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Bill Murray Captures FDR’s Pain and Wit in ‘Hyde Park’
Posted on Dec 5, 2012
Laura Linney’s Daisy Suckley is introduced rather casually to Franklin D. Roosevelt’s Hyde Park home up the Hudson River. She is, to be sure, a distant cousin of the president, but mostly she is a pretty girl, and Roosevelt (wonderfully played by Bill Murray) can’t have too many of those around. They bond over his stamp collection, and begin taking long drives through the countryside, rich in lighthearted conversation. Soon enough they are lovers and Linney, who is also very good in the picture, matches FDR’s charm and ease to perfection. It has been years since I’ve seen a more delightfully played love story on the screen. The performances would be reason enough to see “Hyde Park on Hudson.”
But what makes Roger Michell’s expertly directed film a good deal more than delightful is its lightly touched seriousness of purpose. The year is (mostly) 1939 and FDR is heavily burdened. He is, of course, weighed down with the aftereffects of polio. And he is aware that World War II is inevitable (it would, indeed, begin in Europe, just a couple of months after the time this movie is set). But Richard Nelson’s very good screenplay has next to nothing to say about FDR’s illness, and withholds discussion of the impending war for quite a long time. The movie simply shows the pain the president suffered and is the more powerful for this refusal. And talk of war comes in a rush of well-chosen words, when it belatedly arrives.
Which does not mean that Roosevelt is an idler. On the contrary, one gains the impression that he is something of a complexity monger. Take the matter of family, for instance. His mother is a bossy nuisance much of the time. His wife is a chill point, disappearing in the distance. Even his secretary tends to override him some of the time. But he just keeps rolling almost genially through the confusion. He seems to like mess and you begin to get the feeling that it is a means of escaping from pain by keeping emotionally busy.
That’s when the king and queen of England, played by Samuel West and Olivia Colman, both excellent, arrive to spend the weekend. They are on a mission, desperately seeking Roosevelt’s support in the war they all know is coming. They are also rather fish out of water. The Roosevelt manse is not exactly a royal palace, and there’s the whole question of where, when and how to bring up the business of forging an alliance, especially with the president seeming so dodgy on the subject. But they are Brits, determined to soldier on.
She’s a strong and determined figure, he’s a little more recessive, soft-spoken and stammering, but they both have the right stuff. They are relatively new to thrones they never expected to occupy, but they are determined to do what they can to advance their cause, which comes down to, well, hot dogs.
The social event of the weekend is to be an American-style picnic at which the royals are expected to ingest frankfurters on buns. It is, in its little way, a crisis. Is it perhaps infra dig? Or is it a fine democratic gesture? In any case, they have never tried hot dogs and they are under avid press scrutiny on the subject. Whereupon the king (popularly known as Bertie) proves his mettle. He takes a big bite of the thing and after a suspenseful gnaw on it, beams his approval as the flashbulbs wink their approval.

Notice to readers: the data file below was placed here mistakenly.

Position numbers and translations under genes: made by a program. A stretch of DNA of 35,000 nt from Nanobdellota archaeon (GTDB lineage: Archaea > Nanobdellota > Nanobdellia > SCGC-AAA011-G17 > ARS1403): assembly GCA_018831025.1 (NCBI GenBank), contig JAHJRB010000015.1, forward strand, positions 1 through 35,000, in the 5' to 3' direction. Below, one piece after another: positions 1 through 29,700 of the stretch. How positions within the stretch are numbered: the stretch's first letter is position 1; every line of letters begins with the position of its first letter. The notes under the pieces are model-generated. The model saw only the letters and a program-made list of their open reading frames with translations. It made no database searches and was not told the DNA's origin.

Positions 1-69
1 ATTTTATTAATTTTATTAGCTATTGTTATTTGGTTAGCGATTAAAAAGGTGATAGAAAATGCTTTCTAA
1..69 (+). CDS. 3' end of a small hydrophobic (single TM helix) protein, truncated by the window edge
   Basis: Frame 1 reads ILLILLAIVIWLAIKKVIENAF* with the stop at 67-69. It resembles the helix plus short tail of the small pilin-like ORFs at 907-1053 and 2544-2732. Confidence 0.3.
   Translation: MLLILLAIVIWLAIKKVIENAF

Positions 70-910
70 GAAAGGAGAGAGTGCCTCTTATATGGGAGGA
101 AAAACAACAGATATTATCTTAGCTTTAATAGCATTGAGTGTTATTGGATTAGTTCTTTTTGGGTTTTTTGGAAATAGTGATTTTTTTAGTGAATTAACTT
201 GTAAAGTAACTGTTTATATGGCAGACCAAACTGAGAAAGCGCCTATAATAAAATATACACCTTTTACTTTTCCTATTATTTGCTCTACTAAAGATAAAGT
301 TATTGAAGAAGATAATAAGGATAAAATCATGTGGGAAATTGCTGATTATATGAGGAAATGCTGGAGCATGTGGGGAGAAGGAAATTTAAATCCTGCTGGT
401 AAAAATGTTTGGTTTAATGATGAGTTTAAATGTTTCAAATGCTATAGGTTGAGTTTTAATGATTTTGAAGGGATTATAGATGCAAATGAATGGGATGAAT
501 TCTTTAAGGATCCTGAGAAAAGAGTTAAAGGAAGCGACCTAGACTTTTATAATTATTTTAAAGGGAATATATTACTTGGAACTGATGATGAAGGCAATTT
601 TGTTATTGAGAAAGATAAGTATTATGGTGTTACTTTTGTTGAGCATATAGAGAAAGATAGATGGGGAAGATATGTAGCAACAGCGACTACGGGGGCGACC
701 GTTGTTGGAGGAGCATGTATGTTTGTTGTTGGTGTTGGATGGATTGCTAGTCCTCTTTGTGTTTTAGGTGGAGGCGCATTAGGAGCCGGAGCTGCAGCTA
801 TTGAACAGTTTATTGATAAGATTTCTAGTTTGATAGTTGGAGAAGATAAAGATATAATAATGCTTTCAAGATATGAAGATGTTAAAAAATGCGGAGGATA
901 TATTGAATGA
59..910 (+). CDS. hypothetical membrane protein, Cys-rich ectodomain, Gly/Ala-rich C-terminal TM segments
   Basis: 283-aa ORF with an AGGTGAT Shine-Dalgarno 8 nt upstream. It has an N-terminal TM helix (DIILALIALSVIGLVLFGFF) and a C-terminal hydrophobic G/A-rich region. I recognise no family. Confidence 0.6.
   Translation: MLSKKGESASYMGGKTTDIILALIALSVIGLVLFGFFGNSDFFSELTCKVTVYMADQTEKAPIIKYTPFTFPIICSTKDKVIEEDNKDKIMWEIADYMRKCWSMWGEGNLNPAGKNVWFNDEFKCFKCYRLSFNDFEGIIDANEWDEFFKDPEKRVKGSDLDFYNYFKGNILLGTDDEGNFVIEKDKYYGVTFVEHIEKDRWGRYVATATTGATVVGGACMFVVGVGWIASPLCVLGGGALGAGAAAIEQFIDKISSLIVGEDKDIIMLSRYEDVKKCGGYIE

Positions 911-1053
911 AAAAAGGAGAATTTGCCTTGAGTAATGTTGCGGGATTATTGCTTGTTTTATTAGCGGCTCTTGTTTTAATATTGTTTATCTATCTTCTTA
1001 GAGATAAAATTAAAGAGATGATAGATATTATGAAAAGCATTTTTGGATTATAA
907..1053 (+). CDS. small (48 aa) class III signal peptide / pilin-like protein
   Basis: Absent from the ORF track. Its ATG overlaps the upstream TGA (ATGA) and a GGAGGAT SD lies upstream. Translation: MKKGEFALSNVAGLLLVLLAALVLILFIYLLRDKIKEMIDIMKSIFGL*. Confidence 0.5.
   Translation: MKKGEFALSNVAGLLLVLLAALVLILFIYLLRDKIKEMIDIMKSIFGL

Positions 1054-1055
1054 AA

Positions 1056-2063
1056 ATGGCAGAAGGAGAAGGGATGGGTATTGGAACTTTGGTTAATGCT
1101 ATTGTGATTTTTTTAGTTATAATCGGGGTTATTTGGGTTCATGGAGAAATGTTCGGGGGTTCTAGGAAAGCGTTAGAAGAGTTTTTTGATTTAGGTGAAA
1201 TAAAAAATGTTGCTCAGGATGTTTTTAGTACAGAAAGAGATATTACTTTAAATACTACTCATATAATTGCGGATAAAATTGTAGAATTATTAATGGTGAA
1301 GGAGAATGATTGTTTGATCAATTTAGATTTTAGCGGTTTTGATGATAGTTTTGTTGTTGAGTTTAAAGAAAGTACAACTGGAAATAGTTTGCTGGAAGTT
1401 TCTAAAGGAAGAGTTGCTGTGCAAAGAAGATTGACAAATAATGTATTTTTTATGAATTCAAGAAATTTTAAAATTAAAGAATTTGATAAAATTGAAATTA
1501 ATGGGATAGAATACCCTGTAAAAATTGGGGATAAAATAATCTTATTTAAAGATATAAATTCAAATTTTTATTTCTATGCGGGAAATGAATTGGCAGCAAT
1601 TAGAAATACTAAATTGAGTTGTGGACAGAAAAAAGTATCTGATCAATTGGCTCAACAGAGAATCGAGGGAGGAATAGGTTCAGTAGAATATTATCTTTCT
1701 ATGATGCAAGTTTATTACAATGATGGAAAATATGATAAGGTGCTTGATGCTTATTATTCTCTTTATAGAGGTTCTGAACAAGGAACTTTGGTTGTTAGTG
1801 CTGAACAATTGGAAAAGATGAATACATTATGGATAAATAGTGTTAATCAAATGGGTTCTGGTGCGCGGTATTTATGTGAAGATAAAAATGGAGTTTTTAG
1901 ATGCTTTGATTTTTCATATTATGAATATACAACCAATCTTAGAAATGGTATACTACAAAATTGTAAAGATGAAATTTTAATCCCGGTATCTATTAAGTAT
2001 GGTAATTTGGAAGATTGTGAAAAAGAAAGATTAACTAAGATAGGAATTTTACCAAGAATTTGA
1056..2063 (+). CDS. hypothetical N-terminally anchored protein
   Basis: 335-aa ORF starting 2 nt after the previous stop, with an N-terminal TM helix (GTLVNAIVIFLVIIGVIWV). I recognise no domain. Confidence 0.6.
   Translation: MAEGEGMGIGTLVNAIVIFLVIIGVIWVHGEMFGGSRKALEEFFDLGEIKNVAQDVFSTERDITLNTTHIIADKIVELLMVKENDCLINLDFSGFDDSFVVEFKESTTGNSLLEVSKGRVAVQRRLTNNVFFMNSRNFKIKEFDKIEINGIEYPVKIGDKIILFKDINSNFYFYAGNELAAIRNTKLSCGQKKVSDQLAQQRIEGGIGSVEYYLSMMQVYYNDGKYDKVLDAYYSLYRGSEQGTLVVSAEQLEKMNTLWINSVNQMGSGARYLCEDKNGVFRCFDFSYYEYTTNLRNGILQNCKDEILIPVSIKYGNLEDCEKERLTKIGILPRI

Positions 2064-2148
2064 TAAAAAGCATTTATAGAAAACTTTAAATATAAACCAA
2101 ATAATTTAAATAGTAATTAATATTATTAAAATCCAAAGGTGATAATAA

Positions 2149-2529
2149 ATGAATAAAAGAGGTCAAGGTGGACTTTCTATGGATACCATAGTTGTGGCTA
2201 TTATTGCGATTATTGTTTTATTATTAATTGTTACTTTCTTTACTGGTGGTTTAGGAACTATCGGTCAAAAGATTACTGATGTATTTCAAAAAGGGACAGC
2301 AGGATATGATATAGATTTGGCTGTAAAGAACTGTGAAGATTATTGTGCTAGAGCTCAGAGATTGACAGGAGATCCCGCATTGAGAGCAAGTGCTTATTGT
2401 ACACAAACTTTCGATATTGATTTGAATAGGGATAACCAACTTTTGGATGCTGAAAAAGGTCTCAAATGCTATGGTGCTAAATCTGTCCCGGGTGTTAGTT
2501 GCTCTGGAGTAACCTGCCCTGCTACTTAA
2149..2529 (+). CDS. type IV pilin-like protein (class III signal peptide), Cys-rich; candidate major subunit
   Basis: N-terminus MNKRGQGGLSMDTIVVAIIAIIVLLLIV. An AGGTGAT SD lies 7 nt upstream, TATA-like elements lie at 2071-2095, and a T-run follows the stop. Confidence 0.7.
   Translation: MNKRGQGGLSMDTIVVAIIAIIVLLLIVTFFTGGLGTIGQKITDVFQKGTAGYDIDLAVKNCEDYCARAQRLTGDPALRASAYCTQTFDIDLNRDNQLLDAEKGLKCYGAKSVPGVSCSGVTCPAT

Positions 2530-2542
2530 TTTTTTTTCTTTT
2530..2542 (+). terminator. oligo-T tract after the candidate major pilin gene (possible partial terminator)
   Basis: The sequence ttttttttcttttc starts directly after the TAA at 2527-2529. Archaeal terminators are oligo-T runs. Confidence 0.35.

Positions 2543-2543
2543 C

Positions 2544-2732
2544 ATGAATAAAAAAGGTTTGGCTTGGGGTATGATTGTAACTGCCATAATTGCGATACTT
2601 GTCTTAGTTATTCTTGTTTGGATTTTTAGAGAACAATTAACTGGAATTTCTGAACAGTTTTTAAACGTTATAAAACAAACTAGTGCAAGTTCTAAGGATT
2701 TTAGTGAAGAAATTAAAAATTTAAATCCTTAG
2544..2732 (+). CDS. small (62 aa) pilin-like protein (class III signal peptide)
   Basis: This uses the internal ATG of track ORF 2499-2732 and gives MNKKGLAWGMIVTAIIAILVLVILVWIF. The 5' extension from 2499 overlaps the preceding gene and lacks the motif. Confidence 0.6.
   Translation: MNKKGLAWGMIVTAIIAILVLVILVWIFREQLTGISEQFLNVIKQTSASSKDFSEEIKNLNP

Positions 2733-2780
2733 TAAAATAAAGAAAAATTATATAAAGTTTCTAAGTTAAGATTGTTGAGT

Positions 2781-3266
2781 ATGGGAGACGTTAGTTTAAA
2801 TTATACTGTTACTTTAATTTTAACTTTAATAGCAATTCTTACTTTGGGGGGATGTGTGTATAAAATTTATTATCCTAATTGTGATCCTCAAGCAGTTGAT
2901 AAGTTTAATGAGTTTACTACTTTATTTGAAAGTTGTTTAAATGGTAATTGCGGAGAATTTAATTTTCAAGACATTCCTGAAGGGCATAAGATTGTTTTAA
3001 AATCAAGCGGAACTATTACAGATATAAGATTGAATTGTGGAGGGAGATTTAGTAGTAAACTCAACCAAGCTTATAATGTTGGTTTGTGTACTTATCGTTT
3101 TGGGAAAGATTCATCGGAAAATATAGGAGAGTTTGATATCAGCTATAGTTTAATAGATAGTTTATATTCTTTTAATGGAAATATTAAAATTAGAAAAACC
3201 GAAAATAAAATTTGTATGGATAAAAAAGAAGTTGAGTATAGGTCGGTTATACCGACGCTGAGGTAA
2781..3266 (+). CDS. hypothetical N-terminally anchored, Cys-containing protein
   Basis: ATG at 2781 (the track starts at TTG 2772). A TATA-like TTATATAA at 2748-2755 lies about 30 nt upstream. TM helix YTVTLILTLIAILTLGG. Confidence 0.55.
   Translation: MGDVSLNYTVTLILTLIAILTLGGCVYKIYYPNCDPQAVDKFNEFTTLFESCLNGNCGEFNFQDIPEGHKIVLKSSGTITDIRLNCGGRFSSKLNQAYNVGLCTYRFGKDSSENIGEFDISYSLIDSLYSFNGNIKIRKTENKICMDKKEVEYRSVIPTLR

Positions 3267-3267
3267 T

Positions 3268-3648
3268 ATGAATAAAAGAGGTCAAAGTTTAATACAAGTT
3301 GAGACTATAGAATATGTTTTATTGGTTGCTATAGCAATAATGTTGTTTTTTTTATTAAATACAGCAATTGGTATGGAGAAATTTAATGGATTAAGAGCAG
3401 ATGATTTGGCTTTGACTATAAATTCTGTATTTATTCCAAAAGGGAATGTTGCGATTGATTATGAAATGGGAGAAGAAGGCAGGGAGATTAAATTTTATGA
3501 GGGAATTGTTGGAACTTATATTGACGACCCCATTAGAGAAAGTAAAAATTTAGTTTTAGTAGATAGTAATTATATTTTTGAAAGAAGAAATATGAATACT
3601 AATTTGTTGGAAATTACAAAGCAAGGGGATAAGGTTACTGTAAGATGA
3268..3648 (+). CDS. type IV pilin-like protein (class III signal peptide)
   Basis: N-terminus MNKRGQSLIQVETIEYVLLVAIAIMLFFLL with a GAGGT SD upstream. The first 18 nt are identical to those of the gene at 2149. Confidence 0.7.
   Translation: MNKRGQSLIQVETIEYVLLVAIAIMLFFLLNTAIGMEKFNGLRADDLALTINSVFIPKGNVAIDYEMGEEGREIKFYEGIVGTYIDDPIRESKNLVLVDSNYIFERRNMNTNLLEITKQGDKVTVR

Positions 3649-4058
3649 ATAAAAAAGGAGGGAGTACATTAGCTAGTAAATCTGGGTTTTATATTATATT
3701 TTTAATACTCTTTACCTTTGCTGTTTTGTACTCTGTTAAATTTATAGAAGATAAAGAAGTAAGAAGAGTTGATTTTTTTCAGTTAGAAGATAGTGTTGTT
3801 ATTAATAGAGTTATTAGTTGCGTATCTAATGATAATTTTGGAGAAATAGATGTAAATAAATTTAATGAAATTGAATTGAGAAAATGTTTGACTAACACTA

At last, king and president can get down to business. The movie now turns serious. That evening they begin the process of forging the “special relationship” between the U.S. and the U.K. (the movie would have it that the king came up with that phrase, although I do not know if that is actually the case). We do know, of course, that something lasting evolved out of their long night of conversation. The scene between them is very well written. The talk between the two men is serious, literate and extensive. In its way, it is as much a promise of the movie’s high intention as the wit of its more lightsome passages.
Not that Daisy is now shuffled to the side. She remains a strong presence. Production notes give us to understand that the film is significantly based on material that was discovered after she died and the unstrained nature of “Hyde Park,” as we view it, reinforces that belief. The quality of its playing, the easy literacy of its writing, the unforced strength of its direction bespeak something we don’t often find in our films: a blend of serious intent with a high—or high enough—wit. There is a sufficiency of films out there that breathe fairly hard in the attempt to be taken seriously. But movies like “Hyde Park on Hudson” seem to me to have an uncommon and special grace. Maybe it is too specialized for a large audience (Franklin D. ... who? I hear people murmuring). But I hope not. There really must be room in our lives for films that aspire, but never admit to those aspirations, that seem to be out for no more than a good time, but that almost casually deliver something more than that.
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